Judicial officers are not always men. More and more women are also finding their way to the profession. In 2017, the gender distribution between judicial officers appeared to be evolving positively. At that time, 60 percent of the interns, 45 percent of candidates and 16 percent of certified judicial officers were women. These figures give us hope for the future.

Our Modero network currently has 20 female colleagues, from certified judicial officers to interns. They are active in our sector for between 3 and 24 years. They will take the floor this week.


Always a listening ear and a helping hand

As judicial officers, we never had a moment of rest to catch our breath in the past year. We had to face new challenges every day and find ways to continue our work corona proof. Thanks to our passion for the profession and our heart for people, we keep looking for a customized solution time and time again, no matter what additional challenges arise on our path or that of the debtors. So, we are always ready to listen and help, corona crisis or not. Some people see us as the bad guy, but we mainly see our job as a mediator between two parties. We actively look for solutions with an eye for the situation of all involved. We have to ‘hold our own’, but an elephant skin is not necessary.

However, we do not deny that we have had to bite our teeth a little harder in recent months to keep going, but our incomparable working days and contact with everyone involved motivate us. In this way we manage to help people further and slow down the build-up of a mountain of debt.


Refine our skills as a team

With our passion and belief in a better future, we have come far, but not far enough yet. Even with empathy alone, we cannot make it. We need to continuously refine our skills to be able to offer the best possible service and guidance. As judicial officers, we must be adept at mediation, be able to correctly assess a situation in no time, be able to de-escalate a situation, provide legal advice in an understandable way, negotiate and, above all, display a lot of flexibility. Our days are therefore never predictable or boring, but we cannot cope with such a range of tasks on our own.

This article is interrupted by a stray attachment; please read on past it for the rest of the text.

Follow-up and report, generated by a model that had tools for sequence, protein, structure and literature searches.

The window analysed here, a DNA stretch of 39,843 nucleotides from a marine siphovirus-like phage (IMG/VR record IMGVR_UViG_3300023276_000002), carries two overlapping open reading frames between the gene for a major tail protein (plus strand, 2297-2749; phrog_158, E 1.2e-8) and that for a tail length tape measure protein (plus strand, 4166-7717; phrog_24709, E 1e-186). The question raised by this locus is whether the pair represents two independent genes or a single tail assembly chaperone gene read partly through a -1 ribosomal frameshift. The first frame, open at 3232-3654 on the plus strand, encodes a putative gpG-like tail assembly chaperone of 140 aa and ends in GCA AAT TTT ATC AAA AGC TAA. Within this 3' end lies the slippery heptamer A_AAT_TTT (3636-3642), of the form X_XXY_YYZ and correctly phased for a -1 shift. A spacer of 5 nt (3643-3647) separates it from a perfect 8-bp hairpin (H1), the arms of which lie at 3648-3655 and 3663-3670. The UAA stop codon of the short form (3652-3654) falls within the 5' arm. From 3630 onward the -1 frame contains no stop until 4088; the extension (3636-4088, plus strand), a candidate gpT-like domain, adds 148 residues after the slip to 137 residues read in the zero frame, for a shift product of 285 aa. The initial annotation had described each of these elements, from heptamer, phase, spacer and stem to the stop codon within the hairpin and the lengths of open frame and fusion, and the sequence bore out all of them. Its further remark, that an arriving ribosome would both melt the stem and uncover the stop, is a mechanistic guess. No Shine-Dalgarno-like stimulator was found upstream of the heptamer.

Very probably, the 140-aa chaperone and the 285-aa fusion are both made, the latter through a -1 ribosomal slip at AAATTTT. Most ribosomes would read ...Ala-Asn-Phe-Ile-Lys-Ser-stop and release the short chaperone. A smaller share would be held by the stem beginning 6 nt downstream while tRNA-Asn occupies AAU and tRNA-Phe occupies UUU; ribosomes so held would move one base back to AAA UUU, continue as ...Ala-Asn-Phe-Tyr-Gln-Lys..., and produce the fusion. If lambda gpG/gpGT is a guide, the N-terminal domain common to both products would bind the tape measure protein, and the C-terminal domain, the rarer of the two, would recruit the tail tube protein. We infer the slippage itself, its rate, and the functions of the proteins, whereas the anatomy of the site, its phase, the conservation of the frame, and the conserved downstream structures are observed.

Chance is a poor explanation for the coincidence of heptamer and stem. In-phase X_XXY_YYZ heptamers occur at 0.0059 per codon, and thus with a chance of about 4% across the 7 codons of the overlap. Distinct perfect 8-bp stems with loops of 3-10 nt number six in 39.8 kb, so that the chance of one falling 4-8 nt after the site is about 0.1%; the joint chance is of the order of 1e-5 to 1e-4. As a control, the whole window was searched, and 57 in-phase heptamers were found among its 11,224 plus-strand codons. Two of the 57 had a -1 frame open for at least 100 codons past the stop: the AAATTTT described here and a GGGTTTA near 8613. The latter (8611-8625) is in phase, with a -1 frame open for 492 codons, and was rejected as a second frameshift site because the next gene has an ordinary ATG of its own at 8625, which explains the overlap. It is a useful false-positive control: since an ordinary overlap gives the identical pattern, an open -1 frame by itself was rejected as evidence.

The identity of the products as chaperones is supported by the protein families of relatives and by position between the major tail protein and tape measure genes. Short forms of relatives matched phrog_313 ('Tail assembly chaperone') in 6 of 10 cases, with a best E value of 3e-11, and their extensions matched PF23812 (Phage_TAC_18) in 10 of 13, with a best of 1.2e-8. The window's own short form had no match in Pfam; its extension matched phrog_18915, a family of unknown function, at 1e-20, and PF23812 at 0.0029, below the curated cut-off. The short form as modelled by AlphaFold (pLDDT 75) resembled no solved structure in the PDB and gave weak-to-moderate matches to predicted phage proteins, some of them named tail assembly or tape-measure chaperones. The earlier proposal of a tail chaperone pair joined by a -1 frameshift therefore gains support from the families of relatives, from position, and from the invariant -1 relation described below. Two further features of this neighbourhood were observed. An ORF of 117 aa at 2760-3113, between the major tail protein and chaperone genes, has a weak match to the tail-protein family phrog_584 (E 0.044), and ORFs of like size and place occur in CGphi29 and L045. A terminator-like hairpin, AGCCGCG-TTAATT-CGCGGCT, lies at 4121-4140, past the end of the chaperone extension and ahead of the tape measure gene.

We have to refine our skills every day. No one can be the best at all aspects of our profession. That is why we must also learn from and work closely with other judicial officers, our staff and other stakeholders. If you want to properly fulfill the function of judicial officer, it is actually not a separate profession, but a team sport in the making.


9 dreams for the future of the profession

Although we are extremely proud of our team and all judicial officers, we still cherish a few dreams for the future of our profession. Do you help us to make them reality?

  1. Proactively come up with solutions for current challenges
  2. Focus on debt prevention instead of just collection
  3. More accessible communication to all parties involved
  4. To position the judicial officer in a more humane manner in public opinion
  5. Make an even stronger commitment to digitization based on customer friendliness and cost efficiency
  6. Adjust rates and procedures to make debt recovery cheaper for all parties involved
  7. Update the legal and ethical framework
  8. Less competition, more ‘confraternity’
  9. Uniformity (of writs and IT, for example) to facilitate knowledge sharing
  10. Enhance our image by talking openly about our challenges and achievements


We already have the resources to make these dreams come true. Now it comes down to putting them into practice. How we want to do this? By taking the time to adjust or reinvent them where necessary, and to enter into a dialogue with our professional group and other stakeholders involved. Our society is evolving, let’s work together to ensure we do not fall behind.

Modero wishes you a pleasant and inspiring International Women’s Day.